But what happened to the widow on Monday?

Vast Treasure

The wealth of dwarves, or the wealth of God?

[Jesus] sat down opposite the treasury and watched the people putting money into the offering box. Many rich people put in large sums.  And a poor widow came and put in two small copper coins, which make a penny.  And he called his disciples to him and said to them,  “Truly, I say to you, this poor widow has put in more than all those who are contributing to the offering box. For they all contributed out of their abundance, but she out of her poverty has put in everything she had, all she had to live on.”  — Mark 12:41-44

In the story, Jesus commends the widow because she put everything she had in the offering at church on Sunday.

So, what happened Monday? Did she buy food? Did she pay her rent? A widow in that culture would have had almost no ability to earn money. Shouldn’t Jesus have chastised her for her foolish and reckless generosity? Or at least encouraged her to have enough set aside for her bills? Or maybe a 3 month reserve? How did she manage?

Is it possible that God simply and miraculously provided for her needs?

I think that’s exactly what happened. We have no idea really. It’s speculation. She’s not mentioned again in Scripture. But I assume God took care of her. I think there’s enough clarity on this topic in Scripture to believe that God will be proven faithful again… in caring for her in ways she could never have cared for herself. Trusting the Lord, she literally gave her last penny, and I’m going to go on record betting that she didn’t starve to death the next week as a result.

At the root of it is the question of whether or not we are going to take God seriously. Maybe we’re thinking about “having enough” all wrong. Maybe the point is that God is always enough, and that He is the one that should be doing the providing … not the widow, not us. Maybe we should be assuming that Jesus can actually be trusted when He said that He takes care of ravens and lilies, but loves us far more than He does birds and flowers. (Luke 12:22-30)

I think the widow believed God, and He made a way. And I wonder what would happen if we actually believed that her story was in the Bible as an example to us. I think it’s amazing how many of us (myself included) read this story and in fact take it as a rationale for doing exactly what everyone else in the story is doing.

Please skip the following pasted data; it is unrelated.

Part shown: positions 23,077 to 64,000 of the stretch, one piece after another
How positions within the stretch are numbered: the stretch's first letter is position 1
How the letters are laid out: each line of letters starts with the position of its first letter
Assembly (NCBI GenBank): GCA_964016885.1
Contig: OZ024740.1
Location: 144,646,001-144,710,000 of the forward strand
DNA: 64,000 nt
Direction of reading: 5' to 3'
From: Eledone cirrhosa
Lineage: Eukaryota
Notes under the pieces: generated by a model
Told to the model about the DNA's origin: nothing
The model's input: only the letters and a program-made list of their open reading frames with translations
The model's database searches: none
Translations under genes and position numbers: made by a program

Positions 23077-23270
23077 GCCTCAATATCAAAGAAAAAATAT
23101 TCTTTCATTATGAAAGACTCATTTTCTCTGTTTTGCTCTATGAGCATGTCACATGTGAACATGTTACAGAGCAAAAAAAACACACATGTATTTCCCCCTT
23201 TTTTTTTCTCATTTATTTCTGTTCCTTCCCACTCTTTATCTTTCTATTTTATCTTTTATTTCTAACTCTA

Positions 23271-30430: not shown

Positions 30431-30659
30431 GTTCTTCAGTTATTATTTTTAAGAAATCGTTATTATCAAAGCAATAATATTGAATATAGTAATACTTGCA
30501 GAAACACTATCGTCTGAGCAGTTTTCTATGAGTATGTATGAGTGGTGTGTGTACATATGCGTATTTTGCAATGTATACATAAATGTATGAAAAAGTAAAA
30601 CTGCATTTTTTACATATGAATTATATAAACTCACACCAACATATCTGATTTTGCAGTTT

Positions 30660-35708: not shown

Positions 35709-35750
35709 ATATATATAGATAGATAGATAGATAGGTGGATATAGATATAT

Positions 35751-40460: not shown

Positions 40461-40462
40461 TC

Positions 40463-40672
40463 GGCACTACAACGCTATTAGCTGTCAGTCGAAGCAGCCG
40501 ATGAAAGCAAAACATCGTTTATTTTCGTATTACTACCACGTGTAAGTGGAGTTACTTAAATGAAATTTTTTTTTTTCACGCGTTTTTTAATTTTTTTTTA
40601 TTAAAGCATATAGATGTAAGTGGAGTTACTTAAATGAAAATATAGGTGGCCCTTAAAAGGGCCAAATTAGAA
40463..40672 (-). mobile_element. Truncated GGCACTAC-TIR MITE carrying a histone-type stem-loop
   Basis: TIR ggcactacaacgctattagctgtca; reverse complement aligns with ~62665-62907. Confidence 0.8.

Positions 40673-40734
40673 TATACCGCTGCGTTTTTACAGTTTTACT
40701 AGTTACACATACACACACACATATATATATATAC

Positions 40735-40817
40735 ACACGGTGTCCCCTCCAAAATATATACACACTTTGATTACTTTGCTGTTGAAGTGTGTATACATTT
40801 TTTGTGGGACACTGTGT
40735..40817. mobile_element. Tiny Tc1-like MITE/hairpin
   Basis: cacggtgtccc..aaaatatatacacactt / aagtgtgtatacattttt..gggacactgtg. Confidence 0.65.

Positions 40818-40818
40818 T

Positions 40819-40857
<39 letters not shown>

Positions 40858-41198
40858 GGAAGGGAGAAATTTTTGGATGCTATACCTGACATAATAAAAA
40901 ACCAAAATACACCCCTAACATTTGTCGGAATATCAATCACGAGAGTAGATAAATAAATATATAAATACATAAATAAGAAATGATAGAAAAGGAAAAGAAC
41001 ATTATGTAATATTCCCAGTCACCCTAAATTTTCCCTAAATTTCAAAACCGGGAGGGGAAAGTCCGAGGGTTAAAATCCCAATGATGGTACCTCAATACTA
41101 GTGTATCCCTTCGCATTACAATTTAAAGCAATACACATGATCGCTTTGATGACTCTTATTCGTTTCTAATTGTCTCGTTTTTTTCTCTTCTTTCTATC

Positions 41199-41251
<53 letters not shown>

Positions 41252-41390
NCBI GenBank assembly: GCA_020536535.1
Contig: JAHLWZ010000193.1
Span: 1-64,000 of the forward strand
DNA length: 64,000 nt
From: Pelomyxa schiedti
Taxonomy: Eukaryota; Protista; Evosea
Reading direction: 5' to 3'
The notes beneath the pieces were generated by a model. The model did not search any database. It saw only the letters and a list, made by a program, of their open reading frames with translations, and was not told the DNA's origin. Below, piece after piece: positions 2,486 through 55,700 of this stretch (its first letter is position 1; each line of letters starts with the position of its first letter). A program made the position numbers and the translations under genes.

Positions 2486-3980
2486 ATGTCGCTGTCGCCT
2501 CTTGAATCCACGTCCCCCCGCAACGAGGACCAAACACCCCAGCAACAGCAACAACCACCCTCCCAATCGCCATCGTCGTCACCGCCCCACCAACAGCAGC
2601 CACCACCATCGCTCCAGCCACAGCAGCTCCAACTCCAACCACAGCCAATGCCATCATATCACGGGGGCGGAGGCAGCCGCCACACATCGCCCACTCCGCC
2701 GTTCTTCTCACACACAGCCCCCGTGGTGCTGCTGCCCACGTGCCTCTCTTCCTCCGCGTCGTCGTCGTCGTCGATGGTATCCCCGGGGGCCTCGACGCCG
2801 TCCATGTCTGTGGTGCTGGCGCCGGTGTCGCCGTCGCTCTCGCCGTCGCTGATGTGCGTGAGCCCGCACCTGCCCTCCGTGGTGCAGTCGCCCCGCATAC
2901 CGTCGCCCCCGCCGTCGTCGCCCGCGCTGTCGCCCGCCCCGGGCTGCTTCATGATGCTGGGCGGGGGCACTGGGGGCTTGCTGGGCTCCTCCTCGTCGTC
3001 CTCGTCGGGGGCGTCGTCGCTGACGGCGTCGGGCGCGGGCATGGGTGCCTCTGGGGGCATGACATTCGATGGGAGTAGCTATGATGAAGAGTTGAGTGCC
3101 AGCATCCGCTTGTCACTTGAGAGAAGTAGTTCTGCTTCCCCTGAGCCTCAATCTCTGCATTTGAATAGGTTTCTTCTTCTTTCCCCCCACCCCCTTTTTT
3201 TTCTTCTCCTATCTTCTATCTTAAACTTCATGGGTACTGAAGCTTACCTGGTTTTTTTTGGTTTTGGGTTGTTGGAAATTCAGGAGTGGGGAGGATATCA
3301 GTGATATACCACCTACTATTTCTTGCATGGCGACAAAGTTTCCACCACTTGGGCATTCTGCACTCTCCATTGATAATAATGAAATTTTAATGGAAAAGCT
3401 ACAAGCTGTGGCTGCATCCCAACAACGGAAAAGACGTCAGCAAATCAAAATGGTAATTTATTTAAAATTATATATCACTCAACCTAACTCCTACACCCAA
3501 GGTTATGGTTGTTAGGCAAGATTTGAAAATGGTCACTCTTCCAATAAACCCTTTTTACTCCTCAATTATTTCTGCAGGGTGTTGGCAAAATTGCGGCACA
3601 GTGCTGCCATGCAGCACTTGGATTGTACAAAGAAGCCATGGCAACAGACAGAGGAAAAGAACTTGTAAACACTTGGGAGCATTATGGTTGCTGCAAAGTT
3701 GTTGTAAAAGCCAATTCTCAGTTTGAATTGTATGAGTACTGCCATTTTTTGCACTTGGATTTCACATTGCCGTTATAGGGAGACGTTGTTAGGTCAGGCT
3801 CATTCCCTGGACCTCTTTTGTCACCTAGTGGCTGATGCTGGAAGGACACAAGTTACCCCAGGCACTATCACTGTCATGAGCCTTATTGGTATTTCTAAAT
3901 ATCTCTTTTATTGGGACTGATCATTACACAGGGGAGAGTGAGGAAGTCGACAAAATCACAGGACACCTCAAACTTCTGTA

We read Jesus words, see that He commended her for giving all she had, and then we get all juiced up and “contribute [a little more than last week] out of [our] abundance” (v44). The longer I walk with God, the more I think we’re doing way more patting Jesus on the head than kneeling at His feet.

Mary Magdalene anoints Jesus' feet

Wherever the gospel is proclaimed…

In another story, Mary Magdalene made a tremendous sacrifice by anointing Jesus’ feet with expensive perfume days before His execution (Mark 14:3-9). The perfume was “pure nard”, worth over a year’s wages. It was incredible extravagance, and some criticized her saying that the money from selling that perfume could have been given to the poor. But what Jesus said to Mary’s critics, I believe He would say of the reckless faith of the widow in our story as well: “Wherever the gospel is proclaimed in the whole world, what she has done will be told in memory of her.”

And so it has been. Not just the next day or the next month or the next year. I suspect that the woman in our story never had much in the way of material wealth or possessions, but I’m going to assume she ate and slept under a roof and cared for those around her and had friends. And even if none of that was true, even if she died 3 days later starving on the street somewhere, that doesn’t make God unfaithful. God has lovingly afforded her the ultimate provision in Christ, and if she had that, then we will meet her in heaven someday and I know she will say that the Lord has never failed to provide for her every good thing. It’s perspective. And faith. And the willful decision to trust God to take care of her.

Most of what we chase lasts for only a moment, and then it fades. A disheartening-to-mention percentage of those things aren’t worth pursuing at all, and turn to ash in our mouths the second we finally catch them. But this woman (both women) pursued honoring the Lord, and her fame has greatly exceeded yours or mine or even the wealthiest people our world has to offer. For thousands of years, wherever the gospel has been proclaimed in the whole world, what she did has been told in memory of her.

Praise be to the God of the totally upside-down!

About Jeff Block

Lover and follower of Jesus, the long awaited King. Husband and father. Writer and seminary student. On a long, difficult, joyful adventure, learning to swim with the current of God's sovereign love and walk with Him in the garden in the cool of the day.
This entry was posted in Bible Stories, Real Life and tagged , , , , , , . Bookmark the permalink.

2 Responses to But what happened to the widow on Monday?

  1. knenn11 says:

    This is my favorite post so far. Love the title too. I was intrigued from the moment I saw it in my email. 🙂


  2. chris says:

    Jeff, this hits me more personal since what happened on the 13th to myself. And me getting a huge ergo in my heart to make a meal for the family. I don’t know why but something is telling me to talk to this family more.


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